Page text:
As I mentioned in a previous blog post, I intend to provide a brief synopsis of each chapter of ‘Designing mlearning‘, but more importantly I intend to answer the questions that Clark poses at the end of each chapter and then pose those same questions back to you ‘Dear Reader‘
Chapter 4 – The technology it’s not about
We start this chapter with a nod to the fact that the iPad (1) was announced during the writing of this book. Given that this is still considered a ‘recent’ book, this shows very clearly how dynamic this market is.
From looking forward we take a look back at a brief history of mobile devices commencing at the Palm Pilot, skipping ahead to mobile phones, through media players to smartphones. From there we review the advent of handheld games, tablets and recording devices, before acknowledging that by the time many readers pick up this book some of the descriptions will already be out of date.
We then take a look at a trend that gives a fairly clear indication of how things are going at the moment – “convergence”. More and more devices are providing a 1-stop shop for much (if not all) of the functionality that we used to associate with multiple devices.
Towards the end of the chapter we are reminded just how quickly this field is developing as Clark suggests that we may even be moving towards wearing glasses with a Heads Up Display - imagine that!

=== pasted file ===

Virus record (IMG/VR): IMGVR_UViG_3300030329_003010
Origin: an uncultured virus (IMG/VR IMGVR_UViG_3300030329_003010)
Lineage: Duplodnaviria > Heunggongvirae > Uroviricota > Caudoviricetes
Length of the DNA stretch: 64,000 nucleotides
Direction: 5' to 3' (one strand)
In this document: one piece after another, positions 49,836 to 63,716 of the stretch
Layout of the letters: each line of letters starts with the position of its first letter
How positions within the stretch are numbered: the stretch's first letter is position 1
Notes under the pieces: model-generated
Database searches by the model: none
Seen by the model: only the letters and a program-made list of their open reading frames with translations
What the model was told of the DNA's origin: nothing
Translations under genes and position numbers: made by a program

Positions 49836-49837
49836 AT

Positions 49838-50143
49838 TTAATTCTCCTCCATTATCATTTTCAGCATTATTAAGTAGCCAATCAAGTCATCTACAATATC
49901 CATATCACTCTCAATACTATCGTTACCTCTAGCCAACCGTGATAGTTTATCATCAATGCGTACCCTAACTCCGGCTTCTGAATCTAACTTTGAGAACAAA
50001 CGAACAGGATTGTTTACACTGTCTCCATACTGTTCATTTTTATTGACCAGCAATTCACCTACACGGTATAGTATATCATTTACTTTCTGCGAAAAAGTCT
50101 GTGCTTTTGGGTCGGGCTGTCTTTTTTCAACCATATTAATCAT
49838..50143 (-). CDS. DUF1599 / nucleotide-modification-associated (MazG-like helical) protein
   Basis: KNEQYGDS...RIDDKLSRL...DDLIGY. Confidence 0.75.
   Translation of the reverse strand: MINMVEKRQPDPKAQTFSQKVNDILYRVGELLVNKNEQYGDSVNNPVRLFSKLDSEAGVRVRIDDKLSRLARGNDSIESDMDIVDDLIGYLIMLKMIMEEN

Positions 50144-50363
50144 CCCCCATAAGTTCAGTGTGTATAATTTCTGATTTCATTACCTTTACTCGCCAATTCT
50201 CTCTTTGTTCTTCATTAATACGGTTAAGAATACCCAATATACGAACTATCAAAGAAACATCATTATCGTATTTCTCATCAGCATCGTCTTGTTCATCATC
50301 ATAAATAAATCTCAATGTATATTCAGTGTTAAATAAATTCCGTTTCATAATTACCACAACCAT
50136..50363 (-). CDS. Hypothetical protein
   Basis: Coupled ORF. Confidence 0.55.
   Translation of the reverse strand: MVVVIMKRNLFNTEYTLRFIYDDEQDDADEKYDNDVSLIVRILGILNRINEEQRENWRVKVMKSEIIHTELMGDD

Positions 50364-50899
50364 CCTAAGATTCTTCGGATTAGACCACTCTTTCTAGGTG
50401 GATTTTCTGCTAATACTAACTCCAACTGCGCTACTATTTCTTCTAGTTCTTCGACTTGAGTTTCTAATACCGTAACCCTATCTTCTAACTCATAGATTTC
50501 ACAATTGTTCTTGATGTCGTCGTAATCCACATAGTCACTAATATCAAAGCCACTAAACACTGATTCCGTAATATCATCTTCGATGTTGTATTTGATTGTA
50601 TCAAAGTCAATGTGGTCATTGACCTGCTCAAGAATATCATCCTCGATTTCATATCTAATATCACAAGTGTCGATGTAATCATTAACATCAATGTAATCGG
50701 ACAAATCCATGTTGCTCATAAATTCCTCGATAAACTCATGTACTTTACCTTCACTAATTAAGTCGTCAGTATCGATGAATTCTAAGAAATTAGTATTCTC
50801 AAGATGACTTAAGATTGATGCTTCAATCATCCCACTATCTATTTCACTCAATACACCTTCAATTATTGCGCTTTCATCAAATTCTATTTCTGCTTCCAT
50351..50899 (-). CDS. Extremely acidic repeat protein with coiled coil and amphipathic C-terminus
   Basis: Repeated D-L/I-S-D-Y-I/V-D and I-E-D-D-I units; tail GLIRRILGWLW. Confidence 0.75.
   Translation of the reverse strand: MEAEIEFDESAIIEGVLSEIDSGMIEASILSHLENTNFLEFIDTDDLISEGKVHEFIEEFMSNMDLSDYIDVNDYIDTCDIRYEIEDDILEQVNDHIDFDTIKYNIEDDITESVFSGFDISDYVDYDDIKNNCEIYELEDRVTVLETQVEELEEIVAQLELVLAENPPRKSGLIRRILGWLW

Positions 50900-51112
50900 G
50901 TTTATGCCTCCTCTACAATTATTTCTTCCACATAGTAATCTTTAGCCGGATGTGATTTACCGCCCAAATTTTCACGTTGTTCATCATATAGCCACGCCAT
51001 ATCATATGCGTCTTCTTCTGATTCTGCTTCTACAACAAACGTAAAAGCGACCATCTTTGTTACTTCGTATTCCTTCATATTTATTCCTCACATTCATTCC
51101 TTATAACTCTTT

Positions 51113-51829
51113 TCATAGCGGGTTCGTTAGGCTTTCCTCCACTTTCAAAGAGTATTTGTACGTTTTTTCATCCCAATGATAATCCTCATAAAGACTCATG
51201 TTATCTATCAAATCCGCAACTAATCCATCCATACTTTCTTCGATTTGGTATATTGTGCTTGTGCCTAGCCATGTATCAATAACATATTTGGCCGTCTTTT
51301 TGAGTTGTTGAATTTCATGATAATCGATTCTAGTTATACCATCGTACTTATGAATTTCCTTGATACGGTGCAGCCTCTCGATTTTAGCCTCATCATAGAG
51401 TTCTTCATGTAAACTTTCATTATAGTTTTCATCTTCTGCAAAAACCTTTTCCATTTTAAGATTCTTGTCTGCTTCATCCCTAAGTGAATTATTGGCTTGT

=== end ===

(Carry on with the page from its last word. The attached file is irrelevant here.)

We finish off the chapter with these questions being posed (along with my responses):How can you take advantage of any of the dedicated devices (media player, camera, PDA, phone)?I’m not sure that we really need to go out of our way to take advantage of the plethora of dedicated devices, after all our learners are already using them within their day-to-day lives to take pictures, record video, access the web, read novels etc. Given that dedicated devices are in my opinion “High Street” what I think we need to do is to tap into learner’s familiarity with them and start to drip-feed examples of how they can use them within a workplace environment. Why not model some good examples using dedicated devices? Often when I facilitate face-to-face activities, I make a point of recording audio feedback, video voxpops and photographs of interactivity using dedicated devices in order to model good practice for the attendees to (hopefully) follow.How can you capitalize the increasing ubiquity of the converged devices?Let’s be honest most organisations (even now) are not providing converged devices (read phones and tablets) to support learning programmes or ‘overtly’ to maximise performance. I believe they are providing them so that you have little or no excuse for not responding to emails! But let’s not let this worry us, instead let’s leverage the growing distribution of mobile devices for our own ends and start to offer resources, assets etc that can benefit from the functionality of the converged device.Have you considered the tradeoffs of providing (devices) versus supporting devices ?I guess the provision of devices ensures (to a certain degree) greater control and in turn ‘peace of mind’ (wrongly in my opinion) to organisations, but hey, if it increases the chances of mobile uptake then maybe it’s worth it? Of course, this approach no doubt brings significant expense with it in terms of providing the devices, however I’ve no doubt that it is easier to support 1 x device type as opposed to trying to support learners own devices. Of course allowing learners to use their own device means that they will be familiar with it and therefore more likely to use it and quite possibly less likely to need support, although the cost and logistics involved in trying to support multiple device types cannot be ignored.So folks, why not take a look at the questions above and provide your own responses in the comments below?